After talking to elders in the other village, we decided to talk to other experts. We got all the information we needed. And to our surprise, we realized that we could build it ourselves.

Adongo:
Yes, that was a wonderful surprise! The experts told us to look for a place where there was green vegetation all year round on the riverbed and along the banks of the river. This is a sign that there is water underground. When we found such a place, we dug a few holes by hand to make sure that there was a layer of bedrock not too far from the surface. Then we were ready to start digging.

Gikuyu:
We started work near the beginning of the dry season. It was a lot of work! The builders took the lead, and almost everyone else in the village helped. Even the children helped! We dug a trench all the way across the dry riverbed. We dug right down to the bedrock, and then built a wall of brick and stone. The top of the wall was about one metre under the surface of the riverbed.

Adongo:
It’s also possible to use clay soil for the dam wall instead of brick and stone; as long as the clay is well compacted. The important thing is to use materials that are completely waterproof, so no water gets through.

Gikuyu:
Yes, we had to be very careful to make it watertight. We also built walls on each side of the riverbank to prevent the dam from eroding and to make sure that the water didn’t flow around the dam when the river valley was flooded.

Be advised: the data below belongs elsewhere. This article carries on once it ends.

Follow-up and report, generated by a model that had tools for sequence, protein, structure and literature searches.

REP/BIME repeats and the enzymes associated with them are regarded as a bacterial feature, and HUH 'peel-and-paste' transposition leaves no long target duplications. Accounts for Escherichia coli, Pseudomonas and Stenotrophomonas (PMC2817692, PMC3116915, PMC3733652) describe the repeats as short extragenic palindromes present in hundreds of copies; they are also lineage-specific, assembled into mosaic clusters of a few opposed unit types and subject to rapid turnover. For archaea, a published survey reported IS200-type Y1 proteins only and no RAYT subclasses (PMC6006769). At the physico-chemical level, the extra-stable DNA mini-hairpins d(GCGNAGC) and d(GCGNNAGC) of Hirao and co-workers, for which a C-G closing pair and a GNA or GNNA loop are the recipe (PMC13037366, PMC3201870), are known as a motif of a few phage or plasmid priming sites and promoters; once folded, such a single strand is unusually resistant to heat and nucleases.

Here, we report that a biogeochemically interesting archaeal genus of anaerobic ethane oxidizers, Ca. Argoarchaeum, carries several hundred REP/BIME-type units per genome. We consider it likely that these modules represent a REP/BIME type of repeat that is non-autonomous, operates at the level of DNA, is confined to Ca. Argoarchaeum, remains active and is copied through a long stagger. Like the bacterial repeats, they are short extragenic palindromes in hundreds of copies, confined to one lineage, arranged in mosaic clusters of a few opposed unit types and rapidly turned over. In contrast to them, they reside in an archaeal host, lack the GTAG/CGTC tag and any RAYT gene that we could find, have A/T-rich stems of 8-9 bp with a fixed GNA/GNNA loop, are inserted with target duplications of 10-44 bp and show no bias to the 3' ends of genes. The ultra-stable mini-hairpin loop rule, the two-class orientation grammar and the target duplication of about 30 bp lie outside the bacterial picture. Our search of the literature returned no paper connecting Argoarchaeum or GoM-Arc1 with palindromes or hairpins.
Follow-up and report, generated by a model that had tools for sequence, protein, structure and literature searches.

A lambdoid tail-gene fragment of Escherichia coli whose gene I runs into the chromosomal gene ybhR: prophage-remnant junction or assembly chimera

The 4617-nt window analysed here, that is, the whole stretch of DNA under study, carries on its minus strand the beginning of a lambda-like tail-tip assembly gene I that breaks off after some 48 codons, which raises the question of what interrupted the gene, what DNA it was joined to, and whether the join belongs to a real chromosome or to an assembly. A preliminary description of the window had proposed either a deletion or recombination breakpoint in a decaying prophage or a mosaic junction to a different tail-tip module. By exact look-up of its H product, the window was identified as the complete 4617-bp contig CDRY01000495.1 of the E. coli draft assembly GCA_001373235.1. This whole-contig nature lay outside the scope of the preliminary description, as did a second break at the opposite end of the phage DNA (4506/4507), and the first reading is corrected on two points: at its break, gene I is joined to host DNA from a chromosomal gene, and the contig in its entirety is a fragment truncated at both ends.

Adongo:
In a surface dam, the water is stored on the surface, in a lake or pond. But in a groundwater dam, the water is stored underground, beneath the dry riverbed. Even though the river dries out in the dry season, there is still water in the ground under the riverbed.

Gikuyu:
We placed a pipe in the downstream wall of the well. The pipe leads to a pump on the side of the riverbank. There, we can pump water for drinking, for livestock, and for whatever else we need. It doesn’t give us an unlimited supply of water, so we have to be careful and use water wisely. But it’s changed the life of our village.

Adongo
[excitedly]: Both our cattle and our people are healthier! But there are also benefits that we didn’t expect! Before we built the dam, children often had to walk a long way to find water during the dry season, especially the girls. They missed a lot of school, and were behind in their studies. Now, fetching water is much easier and takes less time. [Proudly] My daughter is doing much better in school this year.

Gikuyu:
Building the dam was a lot of work. It took many people working during the entire dry season to finish the dam. We had to finish all the construction during the dry season to avoid flooding. It was not a difficult task, but it had to be done right. And we did it!

Adongo:
Thank you for listening to our story. Perhaps it can help your village as well. This is Adongo ____________, saying good morning, [afternoon, evening].

Gikuyu:
Good morning, [afternoon, evening].

– END –

Acknowledgements

  • Contributed by Vijay Cuddeford, researcher/writer, North Vancouver, Canada.
  • Reviewed by Chris Reij, International Cooperation Center, Vrije Universiteit, Amsterdam, The Netherlands.

Information Sources